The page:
May 19, 2011

Garrison School Board stays on course with status quo vote

Garrison School Board stays on course with status quo vote

Melissa Rud and Karla Scheresky were re-elected Tuesday to three-year terms on the Garrison School Board.
A total of 23 votes were cast; 20 votes were cast for Rud; 19 votes for Scheresky. Brad Lagge received one write-in vote.
Rud has been on the board since 2007. Scheresky was appointed in October 2010 to fill the unexpired term of Penny Styron; Styron moved to Bismarck.
Historically, turnout is small in years without contested races. But last year 382 people turned out to vote. In 2003, another contested race drew a record in recent years of 395 people.
In the question of whether the minutes should be published in the official school newspaper, 19 voted in favor; there were four “no”votes.
Following the announcement of the results at a board meeting Tuesday evening, the board discussed the board position of Jerry Sayler. He has not attended a board or committee hearing this year.
“I don’t think it’s a credit to our board if there is a board member who has not been present,” Janis Sloka, board member, said. Sloka said the board functions well with seven board members.
He asked Superintendent Steve Brannan to ask the North Dakota School Board Association what options the district has available.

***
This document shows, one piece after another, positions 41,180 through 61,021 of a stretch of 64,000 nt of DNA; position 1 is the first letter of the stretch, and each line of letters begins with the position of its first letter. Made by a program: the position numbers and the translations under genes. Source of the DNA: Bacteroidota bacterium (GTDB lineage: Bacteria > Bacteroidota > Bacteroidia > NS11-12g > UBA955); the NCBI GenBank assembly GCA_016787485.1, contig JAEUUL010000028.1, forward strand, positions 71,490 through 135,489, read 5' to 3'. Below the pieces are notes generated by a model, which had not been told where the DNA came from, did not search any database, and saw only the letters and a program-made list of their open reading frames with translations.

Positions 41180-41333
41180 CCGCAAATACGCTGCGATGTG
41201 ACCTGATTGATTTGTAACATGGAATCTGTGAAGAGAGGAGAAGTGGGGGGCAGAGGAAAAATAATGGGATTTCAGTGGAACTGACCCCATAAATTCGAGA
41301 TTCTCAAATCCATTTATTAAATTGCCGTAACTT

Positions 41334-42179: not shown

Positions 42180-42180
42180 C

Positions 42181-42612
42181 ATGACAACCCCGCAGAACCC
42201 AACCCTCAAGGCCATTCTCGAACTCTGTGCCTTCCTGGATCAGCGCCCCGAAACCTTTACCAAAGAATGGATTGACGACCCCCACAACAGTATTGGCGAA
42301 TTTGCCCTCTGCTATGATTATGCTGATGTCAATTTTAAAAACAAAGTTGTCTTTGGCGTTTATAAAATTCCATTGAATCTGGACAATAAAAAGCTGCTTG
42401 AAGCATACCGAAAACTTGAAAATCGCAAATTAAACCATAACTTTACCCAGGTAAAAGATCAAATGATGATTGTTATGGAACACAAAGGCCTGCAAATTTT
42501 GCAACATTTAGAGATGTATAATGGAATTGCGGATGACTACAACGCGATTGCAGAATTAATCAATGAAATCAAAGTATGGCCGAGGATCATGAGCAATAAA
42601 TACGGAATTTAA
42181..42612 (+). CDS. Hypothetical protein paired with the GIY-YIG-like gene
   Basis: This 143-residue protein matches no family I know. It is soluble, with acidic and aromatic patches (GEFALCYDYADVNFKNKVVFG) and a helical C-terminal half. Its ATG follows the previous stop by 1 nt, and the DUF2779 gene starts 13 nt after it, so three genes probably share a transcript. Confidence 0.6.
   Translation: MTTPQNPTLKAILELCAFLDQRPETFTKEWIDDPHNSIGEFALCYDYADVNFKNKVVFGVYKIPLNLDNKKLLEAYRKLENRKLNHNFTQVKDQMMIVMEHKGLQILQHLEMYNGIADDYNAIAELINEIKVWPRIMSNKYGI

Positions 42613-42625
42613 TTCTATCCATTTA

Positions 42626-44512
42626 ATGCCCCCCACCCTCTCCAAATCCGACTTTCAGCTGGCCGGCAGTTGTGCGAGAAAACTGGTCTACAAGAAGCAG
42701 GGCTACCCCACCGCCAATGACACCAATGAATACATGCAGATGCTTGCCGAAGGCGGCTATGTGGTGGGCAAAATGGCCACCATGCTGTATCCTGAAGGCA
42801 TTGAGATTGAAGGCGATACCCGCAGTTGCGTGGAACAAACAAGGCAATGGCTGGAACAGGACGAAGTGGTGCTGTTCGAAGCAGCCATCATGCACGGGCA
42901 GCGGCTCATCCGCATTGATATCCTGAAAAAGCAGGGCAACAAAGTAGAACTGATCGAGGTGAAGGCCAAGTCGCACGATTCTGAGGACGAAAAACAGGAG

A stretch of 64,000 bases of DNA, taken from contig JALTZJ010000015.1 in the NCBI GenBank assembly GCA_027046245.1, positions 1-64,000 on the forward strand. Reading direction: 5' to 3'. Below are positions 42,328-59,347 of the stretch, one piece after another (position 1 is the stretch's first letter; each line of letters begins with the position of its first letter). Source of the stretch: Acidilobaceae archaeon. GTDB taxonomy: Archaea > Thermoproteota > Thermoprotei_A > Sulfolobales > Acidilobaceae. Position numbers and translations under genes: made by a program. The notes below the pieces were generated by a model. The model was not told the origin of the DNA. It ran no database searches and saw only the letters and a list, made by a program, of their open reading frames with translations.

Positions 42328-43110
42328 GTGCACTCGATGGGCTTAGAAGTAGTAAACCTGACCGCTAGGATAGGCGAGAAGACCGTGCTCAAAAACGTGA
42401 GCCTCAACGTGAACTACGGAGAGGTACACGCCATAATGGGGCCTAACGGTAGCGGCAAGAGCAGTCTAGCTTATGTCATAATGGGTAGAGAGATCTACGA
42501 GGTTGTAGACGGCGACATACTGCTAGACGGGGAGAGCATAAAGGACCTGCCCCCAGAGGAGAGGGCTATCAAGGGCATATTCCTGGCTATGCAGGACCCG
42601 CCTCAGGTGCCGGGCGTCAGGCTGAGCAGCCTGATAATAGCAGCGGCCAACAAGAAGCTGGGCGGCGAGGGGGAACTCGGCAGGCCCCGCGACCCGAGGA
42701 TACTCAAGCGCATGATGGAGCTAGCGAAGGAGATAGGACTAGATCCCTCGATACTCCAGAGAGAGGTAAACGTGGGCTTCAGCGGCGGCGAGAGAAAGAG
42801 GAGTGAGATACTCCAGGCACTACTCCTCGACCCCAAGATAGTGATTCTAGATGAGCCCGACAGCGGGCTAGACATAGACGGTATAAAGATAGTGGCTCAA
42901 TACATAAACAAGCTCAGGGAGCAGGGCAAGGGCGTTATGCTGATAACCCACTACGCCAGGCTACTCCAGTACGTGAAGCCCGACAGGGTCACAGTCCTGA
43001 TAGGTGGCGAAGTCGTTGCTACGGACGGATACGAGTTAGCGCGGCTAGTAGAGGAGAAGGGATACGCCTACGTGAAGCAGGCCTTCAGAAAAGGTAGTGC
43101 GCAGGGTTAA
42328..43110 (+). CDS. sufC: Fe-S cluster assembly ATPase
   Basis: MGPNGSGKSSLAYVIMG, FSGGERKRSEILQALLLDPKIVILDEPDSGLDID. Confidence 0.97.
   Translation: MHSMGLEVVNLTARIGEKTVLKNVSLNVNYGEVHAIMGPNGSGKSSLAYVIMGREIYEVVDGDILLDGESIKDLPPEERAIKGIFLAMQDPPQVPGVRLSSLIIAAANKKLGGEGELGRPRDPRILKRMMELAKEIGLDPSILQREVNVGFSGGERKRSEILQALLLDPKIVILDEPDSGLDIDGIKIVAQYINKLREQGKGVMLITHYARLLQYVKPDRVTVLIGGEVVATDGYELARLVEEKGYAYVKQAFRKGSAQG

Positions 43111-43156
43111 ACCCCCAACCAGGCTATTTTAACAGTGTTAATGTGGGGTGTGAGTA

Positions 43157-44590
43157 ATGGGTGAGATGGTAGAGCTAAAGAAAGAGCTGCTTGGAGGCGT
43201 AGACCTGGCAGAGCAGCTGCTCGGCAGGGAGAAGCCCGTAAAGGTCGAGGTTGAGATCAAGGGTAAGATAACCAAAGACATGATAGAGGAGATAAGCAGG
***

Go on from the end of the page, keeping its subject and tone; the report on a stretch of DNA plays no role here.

Also at the meeting, the board:
• Learned that the high school did not meet the Annual Yearly Progress standards set by the federal No Child Left Behind program. Principal Darwin Routledge said there was a 10 percent hike in standards; “there may be a time when every school in the state of North Dakota will not meet AYP unless changes in the system are made,” he said.
Routledge gave the grade point averages (based on 4.0) for teams and clubs to explain how well students are doing: chorus, 3.61; band, 3.54, girls basketball, 3.45, cross country, 3.21; drama, 3.29; and volleyball, 3.79.
The elementary school did make AYP, primarily through strong improvement by the Title I students, Principal Shelly Fuller explained. Fuller said the elementary school only barely made the standards. “You have to hit the bull's eye and we hit the corner of it,” Fuller said. She said the elementary school continues to try to strive for better results.

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